Manitoba

City announces 1st phase of limited Winnipeg library reopenings will begin June 8

The city will be partially reopening three libraries on Monday, June 8, with Millennium Library, along with the Henderson and Pembina Trails branches, reopening only for pickup of held items.

Millennium Library, along with Henderson and Pembina Trails branches, will open only for pickup of held items

Winnipeg's downtown branch is one of three libraries city officials announced will be partially reopening on June 8. (Jaison Empson/CBC)

Winnipeg's mayor says the city will be partially reopening three libraries on Monday, June 8, with the downtown Millennium Library and two branches allowing users to pick up held items.

Brian Bowman made the announcement on Tuesday, during an update on the city's response to COVID-19 at city hall.

"The numbers that we're seeing being released daily from the province of Manitoba are quite remarkable," he said.

"When you look at the numbers of [COVID-19 cases], and sadly deaths … in other cities, you know Winnipeggers have been doing their part."

There were no new cases of COVID-19 announced in Manitoba on Tuesday — the fourth consecutive day with no new cases.

In the first stage of the city's plan to restore library services, three branches will initially reopen, with reduced hours, for Winnipeggers to pick up items on hold, emergency operations centre manager Jason Shaw said:

  • Millennium Library: Monday to Friday from 10 a.m. to 3 p.m.
  • Henderson Library: Monday to Wednesday and Friday from 10 a.m. to 3 p.m.; Thursday from 2 p.m. to 7 p.m.
  • Pembina Trails Library: Monday to Wednesday and Friday from 10 a.m. to 3 p.m.; Thursday from 2 p.m. to 7 p.m.

Browsing will not be permitted, Shaw said, nor will returns at this point.

"The process of bringing back returns is actually a lot more complicated than it first appears," Shaw said, adding he wants to avoid a "surge" of borrowed materials coming back.

The city is still working out a "lot of little details," such as how to clean and handle books before resorting them, Shaw said.

The libraries are looking at relaxing fines on late returns, Shaw said.

"We want to make sure that [Winnipeggers are] forgiven for the fines up to a certain date level, because they're taking care of the books for us right now, and we want those books back."

City officials hope to bring residents back in the libraries soon. (Daniel Gagne/CBC)

Pickups will be limited to one person per family, but users will be able to pick up held items for other "family members" if they bring their library cards.

Physical distancing will be required, and anyone exhibiting symptoms of COVID-19 will not be allowed entry.

"The requirement to get a book is you're going to have to go through some screening," Shaw said.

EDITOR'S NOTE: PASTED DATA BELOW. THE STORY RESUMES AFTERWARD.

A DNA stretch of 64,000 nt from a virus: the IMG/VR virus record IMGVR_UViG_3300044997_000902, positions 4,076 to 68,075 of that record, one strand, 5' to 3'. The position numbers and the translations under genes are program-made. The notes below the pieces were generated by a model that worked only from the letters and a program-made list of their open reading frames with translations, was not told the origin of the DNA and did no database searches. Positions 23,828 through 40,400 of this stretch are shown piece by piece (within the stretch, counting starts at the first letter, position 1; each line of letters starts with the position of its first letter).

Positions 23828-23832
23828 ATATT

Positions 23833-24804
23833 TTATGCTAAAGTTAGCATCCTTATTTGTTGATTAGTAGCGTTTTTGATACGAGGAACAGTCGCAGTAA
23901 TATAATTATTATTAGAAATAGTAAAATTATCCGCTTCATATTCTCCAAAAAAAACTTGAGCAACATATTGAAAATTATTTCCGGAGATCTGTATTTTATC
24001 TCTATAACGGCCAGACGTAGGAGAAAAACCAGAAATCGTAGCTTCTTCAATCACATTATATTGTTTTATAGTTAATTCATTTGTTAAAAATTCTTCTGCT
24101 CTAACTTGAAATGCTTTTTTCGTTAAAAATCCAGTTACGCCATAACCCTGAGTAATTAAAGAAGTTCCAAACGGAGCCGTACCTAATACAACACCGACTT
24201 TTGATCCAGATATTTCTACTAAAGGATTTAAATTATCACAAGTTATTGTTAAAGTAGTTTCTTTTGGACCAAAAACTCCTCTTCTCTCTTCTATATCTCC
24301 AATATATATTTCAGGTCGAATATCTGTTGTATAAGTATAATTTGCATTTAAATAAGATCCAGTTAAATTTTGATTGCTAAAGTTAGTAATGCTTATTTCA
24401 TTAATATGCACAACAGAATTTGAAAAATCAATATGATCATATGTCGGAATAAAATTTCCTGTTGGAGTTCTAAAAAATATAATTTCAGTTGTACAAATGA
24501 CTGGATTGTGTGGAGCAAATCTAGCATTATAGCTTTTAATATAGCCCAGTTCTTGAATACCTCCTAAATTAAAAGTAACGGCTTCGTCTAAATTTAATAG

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Shaw was also asked if the metal detectors and bag checks that were previously in place at Millennium Library will be part of the reopening.

"Because we're not allowing our citizens and customers and library users to be able to enter fully into the facilities, the security requirements won't be as they were before," he said, but added it will be "up to the library team" to establish security measures for the reopening.

Library staff on site will be trained on safety protocols, hand sanitizer will be available at entrances, and Plexiglas shields will be installed at the checkouts, according to a city news release.

Shaw could not say Tuesday how many library staff who have been laid off during the pandemic will be brought back.

The next phase of library reopenings is expected to occur sometime in early July, Shaw said, after the city assesses its first stage. The next stage will likely include expanding services such as checkout and returns at branches, he said.

Further changes hinge on province's plans

Shaw also spoke Tuesday about future plans for the "enhanced" active transportation routes put in place in certain areas of the city, which have seen motor vehicle traffic limited every day on some streets.

The city will extend the pedestrian and bike route changes until Monday, July 6, at which time they will be phased out.

Nine streets have been shut down with barricades daily from 8 a.m. to 8 p.m., limiting vehicle traffic to one block, as a temporary measure to allow people to get outside in their neighbourhoods, Shaw said.

"As the province moves into Phase 2 of their [reopening] plan, we feel it will also be time to wind these temporary measures, and that is why we will be discontinuing them."

Shaw said the city is still reviewing the province's draft proposal for Manitoba's next stage of reopening. The city is waiting for the Manitoba government to set a date for that to come into effect, in order to understand the requirements and restrictions city facilities will need to follow under updated provincial public health orders.

"I'd rather be criticized for being slow than opening a city service too fast and potentially not helping with breaking the chain of transmission, so we're taking a safe approach," Shaw said, as the city continues to assess best practices for restoring library services.

The city hopes to reopen spray pads soon, with more details expected in the coming days, he said.

With files from Austin Grabish

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